April 11, 2014
College of Saint Benedict junior Leah Ranta and Saint John's University junior Justin Markon have been named 2014 Newman Civic Fellows by Campus Compact, a national coalition of approximately 1,100 college and university presidents committed to fulfilling the civic purposes of higher education.
They will be recognized with four other winners from Minnesota colleges at Minnesota Campus Compact's 20th Anniversary Summit and Awards Luncheon April 16 at the Anderson Student Center, University of St. Thomas, St. Paul.
Ranta, a junior global business leadership major from Stillwater, Minn., participates in the Bonner Leader Scholarship program. As a part of this program, Ranta has volunteered with Southside Boys and Girls club, running after-school programming for diverse at-risk youth in St. Cloud, Minn. She has also spent a winter break learning about sustainable composting practices in Holden Village, Wash., and a spring break in Kansas City, Mo., working for an organization that cares for children living below the poverty line.
During her sophomore year at CSB, Ranta studied abroad in Kolkata, India. While there, she taught English to women who had been abused and trafficked. Additionally, Ranta works with Enactus, CSB/SJU's entrepreneurial team, mentoring students volunteering for the first time.
"Leah is a student leader committed to meeting the basic human needs of people around the world: clean water, a bed with blankets, clothes and shoes, food, a home with a roof and freedom," said CSB President MaryAnn Baenninger in her nominating letter for Ranta. "She believes the most effective way to address poverty is to listen to the local population about what they need, and to collaborate with them to meet those needs."
Ranta hopes to work internationally before applying for a position within the federal government, and is particularly compelled by the mission of the U.S. Agency for International Development.
Markon, a junior political science major from Maple, Wis., has had a variety of experiences working with diverse populations, but especially with youth. Markon works with high school students through the Upward Bound program, younger children's programming through Saint John's Outdoor University, and worked with youth in the slums of Kolkata, India, while studying abroad.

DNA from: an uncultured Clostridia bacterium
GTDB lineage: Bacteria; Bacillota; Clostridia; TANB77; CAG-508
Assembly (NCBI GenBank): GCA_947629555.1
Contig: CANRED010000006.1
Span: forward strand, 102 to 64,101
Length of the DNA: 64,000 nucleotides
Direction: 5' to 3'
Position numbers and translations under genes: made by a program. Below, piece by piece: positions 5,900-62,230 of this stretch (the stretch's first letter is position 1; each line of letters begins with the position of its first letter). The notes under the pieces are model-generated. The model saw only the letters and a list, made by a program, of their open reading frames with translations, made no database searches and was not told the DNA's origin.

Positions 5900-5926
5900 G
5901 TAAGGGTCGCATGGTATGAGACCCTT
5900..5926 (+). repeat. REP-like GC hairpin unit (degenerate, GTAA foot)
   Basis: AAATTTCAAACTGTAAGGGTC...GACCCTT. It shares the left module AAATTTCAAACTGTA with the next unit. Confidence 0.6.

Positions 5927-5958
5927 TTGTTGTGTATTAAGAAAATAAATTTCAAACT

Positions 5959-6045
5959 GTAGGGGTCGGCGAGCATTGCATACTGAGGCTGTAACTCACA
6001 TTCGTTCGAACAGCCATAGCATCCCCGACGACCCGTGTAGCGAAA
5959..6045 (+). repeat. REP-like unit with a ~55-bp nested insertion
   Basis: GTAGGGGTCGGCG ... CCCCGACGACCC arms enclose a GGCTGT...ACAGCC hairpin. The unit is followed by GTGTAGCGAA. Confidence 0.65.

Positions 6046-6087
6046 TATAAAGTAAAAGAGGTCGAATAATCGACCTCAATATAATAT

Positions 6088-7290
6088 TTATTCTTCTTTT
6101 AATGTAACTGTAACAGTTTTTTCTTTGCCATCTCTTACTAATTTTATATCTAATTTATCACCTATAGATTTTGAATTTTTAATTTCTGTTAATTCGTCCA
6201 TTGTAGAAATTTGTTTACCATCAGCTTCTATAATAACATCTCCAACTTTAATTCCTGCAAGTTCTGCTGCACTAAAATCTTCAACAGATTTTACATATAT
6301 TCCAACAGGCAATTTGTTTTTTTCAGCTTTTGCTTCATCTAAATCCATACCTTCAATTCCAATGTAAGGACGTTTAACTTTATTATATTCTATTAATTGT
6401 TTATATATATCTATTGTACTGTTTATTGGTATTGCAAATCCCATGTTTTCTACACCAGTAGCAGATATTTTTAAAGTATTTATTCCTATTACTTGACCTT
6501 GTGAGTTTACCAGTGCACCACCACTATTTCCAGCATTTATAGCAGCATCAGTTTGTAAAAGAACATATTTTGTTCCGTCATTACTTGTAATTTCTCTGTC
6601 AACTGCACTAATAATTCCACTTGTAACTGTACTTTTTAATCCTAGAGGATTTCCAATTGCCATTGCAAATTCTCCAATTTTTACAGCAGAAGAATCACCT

Markon has had the chance to provide opportunities for others through the Bonner Leader program, where he has spent time at a local nursing home, served food at a community picnic and participated in other community service opportunities. Markon has also traveled to the state of Washington for an Alternative Break Experience. His family colors his view of service, having grown up with the idea that service has a value to it.
"The right to education for all is a social justice issue that is particularly important to Justin, as he realizes that not every child has the chance to receive the strong educational background that is so central to their future success," said SJU President Michael Hemesath in his nominating letter for Markon. "Justin sees the work of civic engagement as vital and a matter of principle."
Markon plans to continue his volunteer and service efforts next year as a senior at SJU. He believes that serving others will always be an important part of his life.
Campus Compact has honored 197 students from 36 states as Newman Civic Fellows for 2014. These students were nominated by their college and university presidents as student leaders who have demonstrated an investment in finding solutions for challenges facing their communities. According to the Campus Compact website, Newman Civic Fellows are making the most of their college experiences to better understand themselves, the root causes of social issues and effecting mechanisms for creating lasting change.
Newman Civic Fellow awards are presented in honor of Frank Newman, a former president of the University of Rhode Island and one of the founders of Campus Compact. The awards are sponsored by the KPMG Foundation.